The relevance of intellectual property is notable in BTI’s Legal Market Outlook for 2015, which based on general counsel input predicts areas of increased corporate legal spending. Moreover, despite concerns about “legal spend,” BTI anticipates that global companies will add $1 billion to their outside counsel spending in the United States. Among the forecasts impacted by IP issues are that (1) cybersecurity will grow three times faster than any other legal market segment; (2) food companies will spend three times more on litigation than the average company; (3) natural resource and energy companies will increase M&A and litigation activity; (4) high-tech companies will increase spending in almost every major segment of the law; (5) health care is poised to increase spending in seven legal segments; (6) multinational and global companies will acquire middle-market companies and startups to drive their own growth; and (7) corporate regulatory needs will be a high priority in almost every industry.

Intellectual property was not always perceptible in business or legal management conversations. For many years before the 2008 economic reset, intellectual property was treated as technical legal devices that provided limited monopolies or identifiable brands that supported the business. IP lawyers were generally part of the centralized corporate law department. In patent-driven companies like pharmaceutical, chemical, and industrial businesses, the trademark lawyers usually reported to patent counsel, who reported to general counsel. In some companies, the patent law group was part of the R&D unit, while trademarks were embedded in the law department. In consumer products corporations that were brand heavy, the trademark department also was part of the general legal group and reported to general counsel. Copyright lawyers in the copyright-dependent businesses were frequently the core of the law department.

Regardless of the internal organization structure, the patent and trademark attorneys were largely siloed. As experts in a narrow area of law, they acquired and maintained intellectual property. Because the outside vendors, i.e., lawyers and IP-related services suppliers, also were specialized, the IP group had autonomy in the selection of IP support, which included outside counsel for assistance in searching, clearance opinions claim writing and prosecution, inter partes and civil litigation, and international representation, as well as IP vendors for searches and translations. The costs, together with government fees, were plugged into the legal department budget or, in a few companies, charged to the relevant business unit.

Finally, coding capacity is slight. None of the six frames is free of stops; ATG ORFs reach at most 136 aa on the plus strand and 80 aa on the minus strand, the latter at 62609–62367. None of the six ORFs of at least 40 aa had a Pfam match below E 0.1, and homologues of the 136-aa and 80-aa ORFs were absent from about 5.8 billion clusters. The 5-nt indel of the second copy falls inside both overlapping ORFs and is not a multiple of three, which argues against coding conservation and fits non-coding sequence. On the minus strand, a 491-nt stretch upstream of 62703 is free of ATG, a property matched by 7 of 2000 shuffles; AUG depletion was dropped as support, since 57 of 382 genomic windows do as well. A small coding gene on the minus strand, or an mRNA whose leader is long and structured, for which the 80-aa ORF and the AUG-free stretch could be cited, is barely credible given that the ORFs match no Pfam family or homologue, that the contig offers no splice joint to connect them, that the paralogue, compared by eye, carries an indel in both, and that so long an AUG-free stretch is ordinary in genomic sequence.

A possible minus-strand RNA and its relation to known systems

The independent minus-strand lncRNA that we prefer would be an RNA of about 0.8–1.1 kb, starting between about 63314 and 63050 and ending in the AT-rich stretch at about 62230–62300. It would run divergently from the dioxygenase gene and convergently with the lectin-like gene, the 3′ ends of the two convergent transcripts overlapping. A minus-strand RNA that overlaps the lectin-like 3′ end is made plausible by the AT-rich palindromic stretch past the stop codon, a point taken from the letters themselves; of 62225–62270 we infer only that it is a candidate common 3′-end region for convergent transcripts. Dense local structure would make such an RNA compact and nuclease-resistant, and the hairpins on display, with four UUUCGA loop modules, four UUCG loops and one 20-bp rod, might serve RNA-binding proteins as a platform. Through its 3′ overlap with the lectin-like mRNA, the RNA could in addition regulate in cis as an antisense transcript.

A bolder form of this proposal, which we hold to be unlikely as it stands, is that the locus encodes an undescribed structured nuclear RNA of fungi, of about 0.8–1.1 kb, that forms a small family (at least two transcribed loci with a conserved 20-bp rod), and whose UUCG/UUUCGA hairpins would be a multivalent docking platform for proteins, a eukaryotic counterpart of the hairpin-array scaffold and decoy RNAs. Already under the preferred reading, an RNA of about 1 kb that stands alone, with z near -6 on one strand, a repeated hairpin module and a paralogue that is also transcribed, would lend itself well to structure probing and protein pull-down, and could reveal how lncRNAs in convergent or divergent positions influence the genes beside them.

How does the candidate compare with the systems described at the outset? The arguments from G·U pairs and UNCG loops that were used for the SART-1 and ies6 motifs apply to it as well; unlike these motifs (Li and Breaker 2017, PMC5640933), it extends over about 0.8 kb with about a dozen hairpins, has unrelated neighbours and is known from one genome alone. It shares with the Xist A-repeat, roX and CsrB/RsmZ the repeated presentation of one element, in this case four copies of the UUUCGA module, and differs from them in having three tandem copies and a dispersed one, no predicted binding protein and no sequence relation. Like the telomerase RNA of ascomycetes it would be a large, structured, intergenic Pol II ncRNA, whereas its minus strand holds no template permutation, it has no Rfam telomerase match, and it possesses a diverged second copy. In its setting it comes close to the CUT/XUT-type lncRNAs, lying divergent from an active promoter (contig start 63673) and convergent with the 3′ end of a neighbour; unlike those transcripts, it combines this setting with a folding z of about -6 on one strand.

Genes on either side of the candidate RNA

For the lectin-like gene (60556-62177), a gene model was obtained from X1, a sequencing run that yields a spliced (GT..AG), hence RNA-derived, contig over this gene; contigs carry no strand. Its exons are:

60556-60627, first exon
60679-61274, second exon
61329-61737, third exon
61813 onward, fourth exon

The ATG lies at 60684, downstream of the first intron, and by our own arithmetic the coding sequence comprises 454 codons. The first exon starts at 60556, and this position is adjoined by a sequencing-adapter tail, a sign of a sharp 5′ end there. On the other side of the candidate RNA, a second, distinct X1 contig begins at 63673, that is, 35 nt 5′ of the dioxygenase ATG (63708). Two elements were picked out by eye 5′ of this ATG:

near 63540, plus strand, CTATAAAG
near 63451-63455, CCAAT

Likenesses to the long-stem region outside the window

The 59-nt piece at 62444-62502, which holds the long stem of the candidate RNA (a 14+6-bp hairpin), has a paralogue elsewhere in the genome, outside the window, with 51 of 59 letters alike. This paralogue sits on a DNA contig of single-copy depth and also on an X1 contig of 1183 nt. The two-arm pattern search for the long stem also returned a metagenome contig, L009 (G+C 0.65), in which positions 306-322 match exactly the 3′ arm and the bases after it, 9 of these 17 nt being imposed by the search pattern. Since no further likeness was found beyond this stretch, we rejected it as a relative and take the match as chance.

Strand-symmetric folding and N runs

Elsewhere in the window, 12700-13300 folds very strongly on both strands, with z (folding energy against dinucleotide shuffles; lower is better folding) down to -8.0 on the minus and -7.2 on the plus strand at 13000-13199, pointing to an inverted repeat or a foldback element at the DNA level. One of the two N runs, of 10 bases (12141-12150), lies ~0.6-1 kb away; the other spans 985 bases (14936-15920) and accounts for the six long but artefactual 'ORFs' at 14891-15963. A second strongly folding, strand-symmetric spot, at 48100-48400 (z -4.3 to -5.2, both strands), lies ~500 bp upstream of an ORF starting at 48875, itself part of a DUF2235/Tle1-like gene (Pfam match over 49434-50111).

The scope of IP practice remained well defined, with the volume of work growing with the company. As new issues related to IP law emerged or became more integral to the business, the IP departments were frequently overwhelmed. Whether the result of pushback from the IP departments or by general counsel or others, elements of IP practice were spun off into other parts of the legal department or other departments. For example, as corporate litigation increased, primary responsibility for IP litigation was often reassigned to a legal department’s litigation group, with the IP counsel providing technical input. Some pharmaceutical companies, like Merck, established a business unit for technology licensing that included patent and technology license negotiations and agreements. As the Internet became a core part of business, responsibility for domain names often was reassigned from the trademark group to the IT department. Other IP-related issues that could have been within the IP departments, such as anticounterfeiting, cybersquatting, cybersecurity, franchising, and merchandise licensing, were not. As a result, IP practice management did not extend to these IP-related subjects.

By the late 1990s, the independence of IP counsel to select outside counsel was eroded as companies adopted the DuPont Convergence model for reducing external legal costs by decreasing the number of outside counsel. Because the large, and by then multinational, general law firms had developed IP practices with patent litigation capabilities, it was possible for general counsel to engage those firms for matters requiring outside counsel. The familiarity of well-known law firms handling critical IP cases also brought comfort to CEO and corporate directors who were mindful of their fiduciary responsibilities as defined by Sarbanes-Oxley.

The federal Sarbanes-Oxley Act (SOX) was enacted in 2002 in response to a number of corporate scandals by providing higher standards on public companies for accountability to investors/shareholders. SOX required transparency and imposed disclosure obligations on management with respect to all assets that have a material impact on the financial condition of the company. Because intellectual property is material to the value of many corporations, CEOs and directors took on a new interest in and greater concern for the company intellectual property. As a result, one or more levels of hierarchy were added above the patent department in the forms of corporate IP strategy committees and/or IP strategy directors (a.k.a. IP czars) to assure the appropriate business management of the IP assets. Although it could be coincidental, it appears that the new IP management structure accompanied a more frequent use of litigation as a competitive weapon.